Political News

Charlottesville native Boyd Tinsley: 'This is not what we're about'

Posted August 15

Less than three days since deadly violence ripped through central Virginia, one of the community's most beloved icons joined CNN with a message of unity and support.

"Charlottesville is such a diverse community. People here just love each other," said Boyd Tinsley, the acclaimed "Dave Matthews Band" violinist.

Born in Charlottesville in 1964 and forever associated with the city through his music and love of local tennis, Tinsley emphasized a stark contrast between the weekend's attacks and the spirit of the city.

"This is not Charlottesville. This is not what we're about," he told Brooke Baldwin during Tuesday's episode of "CNN Newsroom." "Color is just not a big thing here. There's never really been a big racial problem at all, or any really racial problem at all in Charlottesville. So, just the thought of this is pretty mind-boggling."

Thirty-two-year-old Heather Heyer was killed Saturday in Charlottesville when a car plowed into a crowd gathered to oppose a "Unite the Right" rally of white nationalist and other right-wing groups. Nineteen others were injured in the incident.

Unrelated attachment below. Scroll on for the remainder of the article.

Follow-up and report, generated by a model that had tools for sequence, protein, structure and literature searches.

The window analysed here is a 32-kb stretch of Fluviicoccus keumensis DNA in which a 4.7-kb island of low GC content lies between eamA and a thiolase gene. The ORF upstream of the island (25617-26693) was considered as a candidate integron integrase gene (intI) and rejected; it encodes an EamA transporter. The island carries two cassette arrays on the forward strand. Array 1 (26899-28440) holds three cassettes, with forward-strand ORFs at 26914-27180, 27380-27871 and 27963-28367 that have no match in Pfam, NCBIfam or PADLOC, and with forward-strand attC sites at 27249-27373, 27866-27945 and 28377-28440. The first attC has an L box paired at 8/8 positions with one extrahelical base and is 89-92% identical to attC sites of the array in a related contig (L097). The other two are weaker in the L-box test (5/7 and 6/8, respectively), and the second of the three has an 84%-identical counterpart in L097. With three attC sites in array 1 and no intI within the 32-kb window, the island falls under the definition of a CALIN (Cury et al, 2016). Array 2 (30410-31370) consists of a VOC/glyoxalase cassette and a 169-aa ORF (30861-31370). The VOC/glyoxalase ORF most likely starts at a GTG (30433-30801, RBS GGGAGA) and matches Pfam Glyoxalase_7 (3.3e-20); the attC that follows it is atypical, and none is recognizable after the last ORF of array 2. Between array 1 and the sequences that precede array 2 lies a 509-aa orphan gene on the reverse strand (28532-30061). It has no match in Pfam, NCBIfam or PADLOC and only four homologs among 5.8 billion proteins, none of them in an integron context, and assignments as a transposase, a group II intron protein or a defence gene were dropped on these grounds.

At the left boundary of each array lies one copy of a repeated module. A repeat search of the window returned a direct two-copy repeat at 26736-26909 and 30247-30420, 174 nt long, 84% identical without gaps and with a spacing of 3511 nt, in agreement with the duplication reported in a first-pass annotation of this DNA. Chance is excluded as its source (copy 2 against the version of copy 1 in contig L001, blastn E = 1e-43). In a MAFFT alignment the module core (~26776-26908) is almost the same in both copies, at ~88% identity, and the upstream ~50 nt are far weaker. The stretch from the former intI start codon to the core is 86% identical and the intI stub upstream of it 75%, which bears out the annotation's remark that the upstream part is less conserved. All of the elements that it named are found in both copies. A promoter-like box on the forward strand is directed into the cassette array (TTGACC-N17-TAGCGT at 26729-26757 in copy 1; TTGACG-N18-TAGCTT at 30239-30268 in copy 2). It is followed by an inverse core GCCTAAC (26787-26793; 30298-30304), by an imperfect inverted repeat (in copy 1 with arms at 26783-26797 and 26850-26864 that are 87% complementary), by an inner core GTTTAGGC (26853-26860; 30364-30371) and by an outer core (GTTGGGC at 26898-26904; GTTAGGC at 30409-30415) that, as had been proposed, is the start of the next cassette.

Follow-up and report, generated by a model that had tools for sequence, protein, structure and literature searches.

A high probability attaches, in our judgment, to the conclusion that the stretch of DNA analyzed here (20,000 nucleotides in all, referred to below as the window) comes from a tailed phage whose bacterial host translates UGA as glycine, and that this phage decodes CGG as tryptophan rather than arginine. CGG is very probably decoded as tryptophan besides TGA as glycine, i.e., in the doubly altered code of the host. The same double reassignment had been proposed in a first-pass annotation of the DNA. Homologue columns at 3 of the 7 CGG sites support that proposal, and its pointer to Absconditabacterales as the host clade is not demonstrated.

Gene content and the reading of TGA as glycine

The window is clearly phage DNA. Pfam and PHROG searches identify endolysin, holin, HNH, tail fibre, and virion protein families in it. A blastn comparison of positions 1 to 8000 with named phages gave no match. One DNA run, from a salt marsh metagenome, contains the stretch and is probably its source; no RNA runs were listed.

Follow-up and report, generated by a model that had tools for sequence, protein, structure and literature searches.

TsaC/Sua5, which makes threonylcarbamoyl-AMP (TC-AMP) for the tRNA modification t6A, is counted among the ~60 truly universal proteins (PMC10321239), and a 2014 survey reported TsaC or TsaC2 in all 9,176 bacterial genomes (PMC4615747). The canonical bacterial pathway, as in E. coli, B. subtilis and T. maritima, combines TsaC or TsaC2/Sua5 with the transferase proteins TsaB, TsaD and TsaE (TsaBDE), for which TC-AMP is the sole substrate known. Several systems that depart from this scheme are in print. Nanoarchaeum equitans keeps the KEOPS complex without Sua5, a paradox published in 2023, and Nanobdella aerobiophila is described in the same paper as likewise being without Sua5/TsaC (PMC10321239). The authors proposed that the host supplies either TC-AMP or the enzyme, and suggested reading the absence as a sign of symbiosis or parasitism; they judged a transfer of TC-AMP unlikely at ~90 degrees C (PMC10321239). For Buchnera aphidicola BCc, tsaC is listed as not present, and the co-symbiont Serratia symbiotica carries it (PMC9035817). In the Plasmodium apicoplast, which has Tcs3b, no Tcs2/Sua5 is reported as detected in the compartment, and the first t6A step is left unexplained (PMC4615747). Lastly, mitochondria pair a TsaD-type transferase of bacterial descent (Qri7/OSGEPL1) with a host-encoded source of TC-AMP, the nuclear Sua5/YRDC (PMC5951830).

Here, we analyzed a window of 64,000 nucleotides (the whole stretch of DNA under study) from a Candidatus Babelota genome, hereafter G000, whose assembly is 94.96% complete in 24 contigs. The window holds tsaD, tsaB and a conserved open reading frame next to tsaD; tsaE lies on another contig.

A 20-year-old man from Ohio, James Alex Fields Jr., is charged with second-degree murder in Heyer's death.

Tinsley attended the University of Virginia, and became a regular fixture in the local music scene. In 1991 he teamed with Dave Matthews on a demo tape version of the song "Tripping Billies," joined the band shortly thereafter, and has been with the group in the near quarter-century since. In his time as part of the Charlottesville community, Tinsley said, incidents of bigotry and racial divide have been virtually nonexistent.

"I've never seen anything like this before," he told Baldwin. "It got me angry and it's gotten everyone in this community angry, and I think around the nation and probably around the world."

Toward the end of his live conversation with the CNN anchor, Tinsley was asked for his reaction to Donald Trump's response in the days since the Charlottesville attacks.

"I don't have any comment on what the President does ... it's not that I don't have an opinion," he clarified, before adding, "I just don't have a comment."

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